Mathematicians, statisticians, students, researchers - Everyone is welcome.

**In the spring we will award the best speaker with the traditional Truly Awesome Robust Honorary Award. The T.A.R.H.A. prize is awarded for the third time. The awarded person is chosen by a public vote.**

If you are willing to give a talk or have any questions you can contact

Antti Kykkänen (antti.k.kykkanen[at]jyu.fi) or

Tapio Kurkinen (tapio.j.kurkinen[at]jyu.fi).

**Abstract:** In this talk I will go over the mathematics of describing the probabilistic time development of a fluctuating dynamical system. The approach that I will use is due to Itô's description of stochastic differential equation (SDE) on a Riemannian manifold in pre-point sense, and Graham's path integral description of the time development of the probability law of Itô's SDE. The probabilistic part of Itô's SDE is w.r.t. the Wiener process so the probability law is given by the Fokker-Planck heat equation, and the focus will be on a geometrically invariant description of the Brownian motion on a Riemannian manifold. While path integrals are infamous for having non-unique and non-rigorous constructions and results, Graham's path integral is proven to converge to the correct probability law in a paper by Anderson and Driver. At the end of the talk, I will go over some results and open questions regarding path integrals on Riemannian manifolds.

**Abstract:**
In this talk I will discuss basic concepts and techniques regarding viscosity solutions of partial differential equations. I will demonstrate methods for proving existence and uniqueness of a viscosity solution, given some reasonable boundary condition. Additionally, I will present some connections to classical- and weak solutions of PDEs.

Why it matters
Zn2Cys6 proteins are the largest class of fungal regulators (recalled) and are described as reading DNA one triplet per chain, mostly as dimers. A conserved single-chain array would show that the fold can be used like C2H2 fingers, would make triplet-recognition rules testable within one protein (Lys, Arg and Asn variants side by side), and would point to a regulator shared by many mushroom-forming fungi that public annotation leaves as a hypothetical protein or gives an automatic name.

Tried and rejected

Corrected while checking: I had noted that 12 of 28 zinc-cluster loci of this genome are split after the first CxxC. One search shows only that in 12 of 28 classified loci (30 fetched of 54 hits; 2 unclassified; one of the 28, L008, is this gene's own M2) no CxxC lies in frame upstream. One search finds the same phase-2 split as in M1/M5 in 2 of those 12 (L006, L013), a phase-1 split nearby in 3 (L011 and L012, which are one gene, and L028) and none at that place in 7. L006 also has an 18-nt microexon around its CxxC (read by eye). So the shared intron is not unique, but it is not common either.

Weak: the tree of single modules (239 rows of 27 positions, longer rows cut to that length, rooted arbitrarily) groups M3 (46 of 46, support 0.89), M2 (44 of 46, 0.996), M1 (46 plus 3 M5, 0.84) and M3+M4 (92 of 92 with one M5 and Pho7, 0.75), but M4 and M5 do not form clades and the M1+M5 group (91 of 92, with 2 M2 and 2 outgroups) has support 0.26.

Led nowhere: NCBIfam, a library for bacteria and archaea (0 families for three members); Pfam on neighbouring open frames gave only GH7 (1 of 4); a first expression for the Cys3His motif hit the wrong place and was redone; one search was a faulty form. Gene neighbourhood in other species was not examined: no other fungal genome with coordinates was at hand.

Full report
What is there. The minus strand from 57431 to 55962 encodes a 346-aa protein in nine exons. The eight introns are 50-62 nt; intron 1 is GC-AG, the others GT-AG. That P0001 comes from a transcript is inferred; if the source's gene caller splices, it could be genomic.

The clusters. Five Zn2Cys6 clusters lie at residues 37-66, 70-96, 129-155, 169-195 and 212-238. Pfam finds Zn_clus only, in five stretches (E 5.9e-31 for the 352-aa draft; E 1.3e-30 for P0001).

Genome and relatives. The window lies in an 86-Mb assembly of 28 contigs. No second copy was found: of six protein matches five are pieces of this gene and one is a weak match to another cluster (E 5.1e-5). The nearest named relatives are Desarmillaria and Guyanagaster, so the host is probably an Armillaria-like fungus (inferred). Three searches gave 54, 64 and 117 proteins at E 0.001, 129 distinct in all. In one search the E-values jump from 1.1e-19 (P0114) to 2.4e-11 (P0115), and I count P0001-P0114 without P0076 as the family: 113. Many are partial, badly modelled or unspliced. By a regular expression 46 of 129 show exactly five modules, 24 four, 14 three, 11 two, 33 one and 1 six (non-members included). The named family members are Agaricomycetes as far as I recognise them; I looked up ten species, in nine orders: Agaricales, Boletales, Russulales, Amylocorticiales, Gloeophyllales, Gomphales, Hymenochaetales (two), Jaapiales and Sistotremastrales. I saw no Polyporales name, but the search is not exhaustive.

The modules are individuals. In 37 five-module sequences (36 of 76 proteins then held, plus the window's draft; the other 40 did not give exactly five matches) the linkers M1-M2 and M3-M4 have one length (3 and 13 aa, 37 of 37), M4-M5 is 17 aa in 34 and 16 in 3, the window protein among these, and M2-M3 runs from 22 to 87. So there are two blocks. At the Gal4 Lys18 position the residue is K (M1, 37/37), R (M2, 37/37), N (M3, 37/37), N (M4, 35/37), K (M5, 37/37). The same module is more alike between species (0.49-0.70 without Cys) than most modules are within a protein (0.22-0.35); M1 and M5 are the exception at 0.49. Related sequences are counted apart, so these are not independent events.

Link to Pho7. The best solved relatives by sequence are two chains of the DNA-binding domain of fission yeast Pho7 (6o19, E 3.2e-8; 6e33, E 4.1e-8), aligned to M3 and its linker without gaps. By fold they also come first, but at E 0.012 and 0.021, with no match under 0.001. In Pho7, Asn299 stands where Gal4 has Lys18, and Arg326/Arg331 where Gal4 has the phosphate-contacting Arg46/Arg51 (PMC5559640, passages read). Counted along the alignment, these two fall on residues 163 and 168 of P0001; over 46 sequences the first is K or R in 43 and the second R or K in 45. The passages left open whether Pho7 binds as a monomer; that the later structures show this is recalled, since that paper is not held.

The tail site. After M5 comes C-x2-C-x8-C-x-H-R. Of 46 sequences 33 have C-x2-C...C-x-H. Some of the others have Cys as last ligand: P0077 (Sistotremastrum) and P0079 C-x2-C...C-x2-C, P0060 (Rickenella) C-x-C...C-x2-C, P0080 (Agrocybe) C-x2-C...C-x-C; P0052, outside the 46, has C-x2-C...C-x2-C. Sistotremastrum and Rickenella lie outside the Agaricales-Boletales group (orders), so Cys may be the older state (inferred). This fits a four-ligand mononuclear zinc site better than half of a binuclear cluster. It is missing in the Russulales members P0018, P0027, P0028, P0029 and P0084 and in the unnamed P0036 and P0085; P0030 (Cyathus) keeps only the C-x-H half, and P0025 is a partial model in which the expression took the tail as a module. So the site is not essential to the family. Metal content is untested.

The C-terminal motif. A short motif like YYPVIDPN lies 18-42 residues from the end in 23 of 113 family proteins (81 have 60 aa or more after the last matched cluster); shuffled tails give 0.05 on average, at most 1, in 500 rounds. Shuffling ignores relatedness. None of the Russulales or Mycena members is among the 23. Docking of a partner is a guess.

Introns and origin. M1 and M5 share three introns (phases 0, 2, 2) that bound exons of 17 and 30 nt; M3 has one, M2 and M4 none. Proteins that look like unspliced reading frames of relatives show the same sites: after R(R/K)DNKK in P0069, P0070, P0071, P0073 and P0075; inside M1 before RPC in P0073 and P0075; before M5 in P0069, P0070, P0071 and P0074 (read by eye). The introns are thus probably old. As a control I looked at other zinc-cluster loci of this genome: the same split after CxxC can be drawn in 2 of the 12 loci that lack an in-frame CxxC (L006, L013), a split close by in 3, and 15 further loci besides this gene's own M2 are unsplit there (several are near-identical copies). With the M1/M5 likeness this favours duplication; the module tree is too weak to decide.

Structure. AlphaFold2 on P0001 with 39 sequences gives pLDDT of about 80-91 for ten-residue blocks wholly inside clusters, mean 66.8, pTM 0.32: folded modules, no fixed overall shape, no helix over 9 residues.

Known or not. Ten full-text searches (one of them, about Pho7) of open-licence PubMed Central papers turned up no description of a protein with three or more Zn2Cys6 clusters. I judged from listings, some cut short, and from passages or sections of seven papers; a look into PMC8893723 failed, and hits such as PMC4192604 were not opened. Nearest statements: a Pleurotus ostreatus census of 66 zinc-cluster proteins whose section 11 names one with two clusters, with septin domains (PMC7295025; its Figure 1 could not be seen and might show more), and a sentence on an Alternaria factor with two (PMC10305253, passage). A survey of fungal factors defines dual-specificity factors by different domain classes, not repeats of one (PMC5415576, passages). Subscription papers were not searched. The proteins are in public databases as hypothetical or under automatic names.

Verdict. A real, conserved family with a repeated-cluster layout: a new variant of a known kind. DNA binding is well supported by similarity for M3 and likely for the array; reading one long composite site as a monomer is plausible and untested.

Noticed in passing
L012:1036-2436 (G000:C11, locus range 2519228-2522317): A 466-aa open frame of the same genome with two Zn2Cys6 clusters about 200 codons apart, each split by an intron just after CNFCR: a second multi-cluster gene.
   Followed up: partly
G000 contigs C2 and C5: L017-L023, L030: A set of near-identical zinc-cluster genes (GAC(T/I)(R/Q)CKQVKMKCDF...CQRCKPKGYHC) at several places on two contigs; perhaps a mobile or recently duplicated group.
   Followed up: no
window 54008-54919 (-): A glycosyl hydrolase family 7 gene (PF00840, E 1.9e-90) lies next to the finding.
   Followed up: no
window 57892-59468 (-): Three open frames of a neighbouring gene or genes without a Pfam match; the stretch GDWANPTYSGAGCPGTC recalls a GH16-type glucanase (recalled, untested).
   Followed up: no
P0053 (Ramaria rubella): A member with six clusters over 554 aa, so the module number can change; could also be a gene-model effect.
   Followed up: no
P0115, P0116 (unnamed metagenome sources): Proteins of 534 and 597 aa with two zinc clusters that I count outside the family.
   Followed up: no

**Abstract:** In this talk I give some intuition why one would look at inverse problems for the minimal surface equation (MSE). I will start with the Calderón problem and try to motivate from that perspective why we study inverse problems for the MSE and also try to give some motivation arising from physics.

**Abstract:**
In this talk, we are concerned with game-theoretic approaches to several types of PDEs. Probabilistic methodology has been used as a powerful tool to study PDEs in recent decades. It not only provides a different perspective to comprehend PDEs but also contributes to leading to new mathematical discoveries. It is well-known about the association between the Laplacian and random walk processes. In this discussion, the mean value property of harmonic functions is a key property. We can also consider similar approaches to more general equations. For nonlinear cases, 'tug-of-war' is a representative example in this respect, which is a discretized scheme for the normalized p-Laplace operator. Recently, game theoretic approaches have been actively studied for other nonlinear PDEs.

**Abstract:**
Rescheduled due to difficulties with public transit.

**Abstract:**
In the classical secretary problem a company is interviewing candidates for a given position. It is assumed that the applicants can be ranked from worst to best unambiguously. The company wants to find the best candidate, and everything else is considered a failure. Candidates are interviewed one by one, and after each interview the company has to decide whether to accept or reject the applicant. Once a candidate is rejected, they cannot be recalled. The challenge comes from the fact that the company does not know the absolute ranks of the applicants, only the relative ranks, that is, how they compare to the previously interviewed people, and the hiring strategy must be based on this information only.

**Abstract:**
In this talk, I will discuss homogeneous and non-homogeneous Sobolev (p,q) extension domain and some of the results on bounded homogeneous (p,q) extension domain, more precisely the existence of a particular non-homogeneous Sobolev extension domain which is not a homogeneous Sobolev extension domain under some given conditions on p and q.